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Word count issues – Part II June 18, 2008

Posted by Jill (@bonnjill) in Business practices, Tools.
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Disclaimer: For all those of you who already aware of this issue, bear with me, because this is for those who are not as familiar with word counts. Also, since I am a German translator, I am not at all familiar with how to count languages such as Japanese, Hebrew, etc. If you work in one of these languages, I suggest you ask some of your colleagues what they use.

Counting words, characters, and/or lines is a crucial subject for all freelance translators, because it is the foundation for pricing our translations, issuing invoices to clients, and getting paid. However, if you have been relying exclusively on the Word Count feature in Microsoft Word to invoice your clients, you may have been invoicing for a much lower word count than you actually translated. Different word processing programs and translation tools often produce different word count values for the same document. Sometimes those differences can be quite drastic. They are due to the use of different rules for counting as well as deficiencies in the applications themselves.

If you have been using the Word Count feature in Microsoft Word to invoice your clients, you have been short-changing yourself. The reason for this is that Microsoft Word does not count comments, headers, footers, embedded objects and files, and—most importantly—text boxes. If a file has been run through an Optical Character Recognition program, these programs tend to create a lot of text boxes. Word does not count the words in text boxes, and yet you definitely have to translate them.

The same problem exists with Excel and PowerPoint. One of my clients once sent me a PowerPoint presentation to translate and quoted me a word count of 2,000 words. By the end of the day I was nowhere close to being finished. After a quick count using PractiCount I discovered that the actual word count was more like 6,000 words because the client had not counted the embedded Excel spreadsheets. I wrote the client and explained why I would not be meeting the one-day deadline, and the client agreed to give me two extra days to work on it.

PowerPoint also does not offer character counts, which means translators in languages that rely on character counts should consider using a third party counting tool for this reason.

There is also a problem with version consistency. Every version of Word, PowerPoint, etc. has different rules regarding words and word count. PowerPoint 97 and 2000 are not consistent with the Word counting rules. For example, they count hyphenated words as two words. Fortunately (or perhaps unfortunately for us?) PowerPoint XP corrects this difference. In plain text, this means that two different users with different PowerPoint versions may disagree about the word count on the same document. So if your client contests your word count, the reason may be because the client is using a different version of Word, PowerPoint, etc. I for one am still using Word 2002 and see no reason to upgrade to Word 2007, because I am happy (and, most importantly, intimately familiar) with the 2002 version. I know I am not alone.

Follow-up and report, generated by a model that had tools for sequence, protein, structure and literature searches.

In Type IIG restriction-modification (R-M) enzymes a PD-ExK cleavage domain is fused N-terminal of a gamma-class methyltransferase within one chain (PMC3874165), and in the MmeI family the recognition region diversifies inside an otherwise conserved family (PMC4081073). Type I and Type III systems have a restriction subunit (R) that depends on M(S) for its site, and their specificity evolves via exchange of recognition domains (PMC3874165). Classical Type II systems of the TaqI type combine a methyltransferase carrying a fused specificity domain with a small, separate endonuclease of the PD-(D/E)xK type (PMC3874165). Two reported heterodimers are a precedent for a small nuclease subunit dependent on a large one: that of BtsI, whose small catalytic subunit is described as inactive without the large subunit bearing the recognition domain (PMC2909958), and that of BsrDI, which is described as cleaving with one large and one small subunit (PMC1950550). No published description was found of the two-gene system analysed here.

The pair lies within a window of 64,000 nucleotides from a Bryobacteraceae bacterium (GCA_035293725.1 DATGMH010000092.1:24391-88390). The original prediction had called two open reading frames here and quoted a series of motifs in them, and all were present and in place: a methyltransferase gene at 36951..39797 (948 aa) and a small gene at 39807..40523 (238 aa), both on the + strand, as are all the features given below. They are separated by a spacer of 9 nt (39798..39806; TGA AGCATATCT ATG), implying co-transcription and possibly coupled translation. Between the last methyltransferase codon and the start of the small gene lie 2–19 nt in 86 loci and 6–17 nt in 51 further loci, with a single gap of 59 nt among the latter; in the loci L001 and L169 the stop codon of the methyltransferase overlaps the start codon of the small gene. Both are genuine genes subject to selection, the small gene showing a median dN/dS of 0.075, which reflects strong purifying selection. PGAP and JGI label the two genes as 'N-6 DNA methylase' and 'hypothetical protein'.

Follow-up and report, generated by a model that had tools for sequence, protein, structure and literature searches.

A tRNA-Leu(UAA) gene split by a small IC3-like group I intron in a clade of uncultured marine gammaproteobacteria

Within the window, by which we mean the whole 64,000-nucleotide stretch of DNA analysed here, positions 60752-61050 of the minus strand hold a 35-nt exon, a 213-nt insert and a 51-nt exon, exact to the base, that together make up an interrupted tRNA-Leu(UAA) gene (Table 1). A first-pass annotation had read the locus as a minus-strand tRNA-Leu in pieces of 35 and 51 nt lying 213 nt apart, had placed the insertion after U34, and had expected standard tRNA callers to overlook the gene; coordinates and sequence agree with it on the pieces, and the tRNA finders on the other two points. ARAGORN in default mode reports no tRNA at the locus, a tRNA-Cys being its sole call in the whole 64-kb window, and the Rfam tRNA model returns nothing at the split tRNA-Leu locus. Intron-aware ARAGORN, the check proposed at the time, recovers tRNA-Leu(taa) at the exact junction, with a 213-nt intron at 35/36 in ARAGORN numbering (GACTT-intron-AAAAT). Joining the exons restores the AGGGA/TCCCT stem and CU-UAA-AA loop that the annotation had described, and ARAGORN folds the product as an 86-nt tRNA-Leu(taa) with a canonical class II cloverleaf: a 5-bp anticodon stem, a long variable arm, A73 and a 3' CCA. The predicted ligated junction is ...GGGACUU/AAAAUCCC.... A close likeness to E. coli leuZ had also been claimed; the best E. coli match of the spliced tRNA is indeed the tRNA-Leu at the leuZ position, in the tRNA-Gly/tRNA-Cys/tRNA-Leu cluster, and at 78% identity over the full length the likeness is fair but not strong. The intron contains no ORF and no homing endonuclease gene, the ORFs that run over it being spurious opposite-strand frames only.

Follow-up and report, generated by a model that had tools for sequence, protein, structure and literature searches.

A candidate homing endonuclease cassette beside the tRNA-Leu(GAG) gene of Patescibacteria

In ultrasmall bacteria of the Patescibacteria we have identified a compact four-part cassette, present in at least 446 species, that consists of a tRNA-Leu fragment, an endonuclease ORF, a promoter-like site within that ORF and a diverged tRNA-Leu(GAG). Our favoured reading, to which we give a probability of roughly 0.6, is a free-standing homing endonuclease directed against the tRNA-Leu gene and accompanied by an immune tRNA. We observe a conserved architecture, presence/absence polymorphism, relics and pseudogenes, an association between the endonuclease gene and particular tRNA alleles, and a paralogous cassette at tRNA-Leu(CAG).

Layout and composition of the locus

In our comparison of counting tools (see What’s in a Word?, ATA Chronicle, August 2006), PractiCount and Total Assistant came out the clear winners. PractiCount ($59.95 for the standard edition) is easy to use due to its tabbed interface and adjustable settings, and it can also generate invoices. PractiCount can count footers, headers, text boxes, inserted Excel and PowerPoint documents, comments, WordArt and more. Total Assistant ($24.95 for the standard version, $44.95 for the professional version) can produce a word count of multiple files in just two steps and counts unfriendly formats such as PowerPoint and Adobe Acrobat. Total Assistant is a more basic but also cheaper program than PractiCount. Total Assistant Pro also adds invoice generation and other reports.

Some of the available word count tools are AnyCount (which comes with Translation Office 3000 or can be purchased as a stand-alone tool), TextCount, and FreeBudget. Marita and I recommend downloading the various free trial versions and deciding which one you prefer and best suits your needs.

I’m sure there are many more tools out there, and if you work with a different tool, feel free to tell us about it in the comments. As I’ve said, I can only talk about the ones I have worked with in the past.

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Comments»

1. Fabio Said - June 18, 2008

Hi Jill,
Very interesting article. And, like you said, word count is crucial.
I’ve been using FineCount, which is free if you want just the basic functions, and works fine with me (AND it counts words and characters on “evil” PDF files) – no wonder it’s called *Fine*Count. 🙂

2. Eric - July 21, 2008

I’ve found a workaround. Save your Word file as a PDF, then use Acrobat to save that file as a text file. Open this text file in Word and run the word count.

3. Hans Lenting - September 9, 2008

I’m not a fan of Anycount anymore. It takes ages to count on my system (Windows XP, Service Pack 3), especially on Word documents (Word 2003). Also, FrameMaker MIF files are counted wrong. And when counting PDF files, the differences with the originating MIF or Word document are tremendous…

So I shifted to PractiCount and I am very happy with it – for the moment ;-).

BTW There is an extensive document about the differences between Trados’ word counting and Transit’s.

4. Robert - August 9, 2013

myWordCount from myWriterTools does a very accurate character count as well as words, phrases and sentence lengths — works in Mac or Windows.


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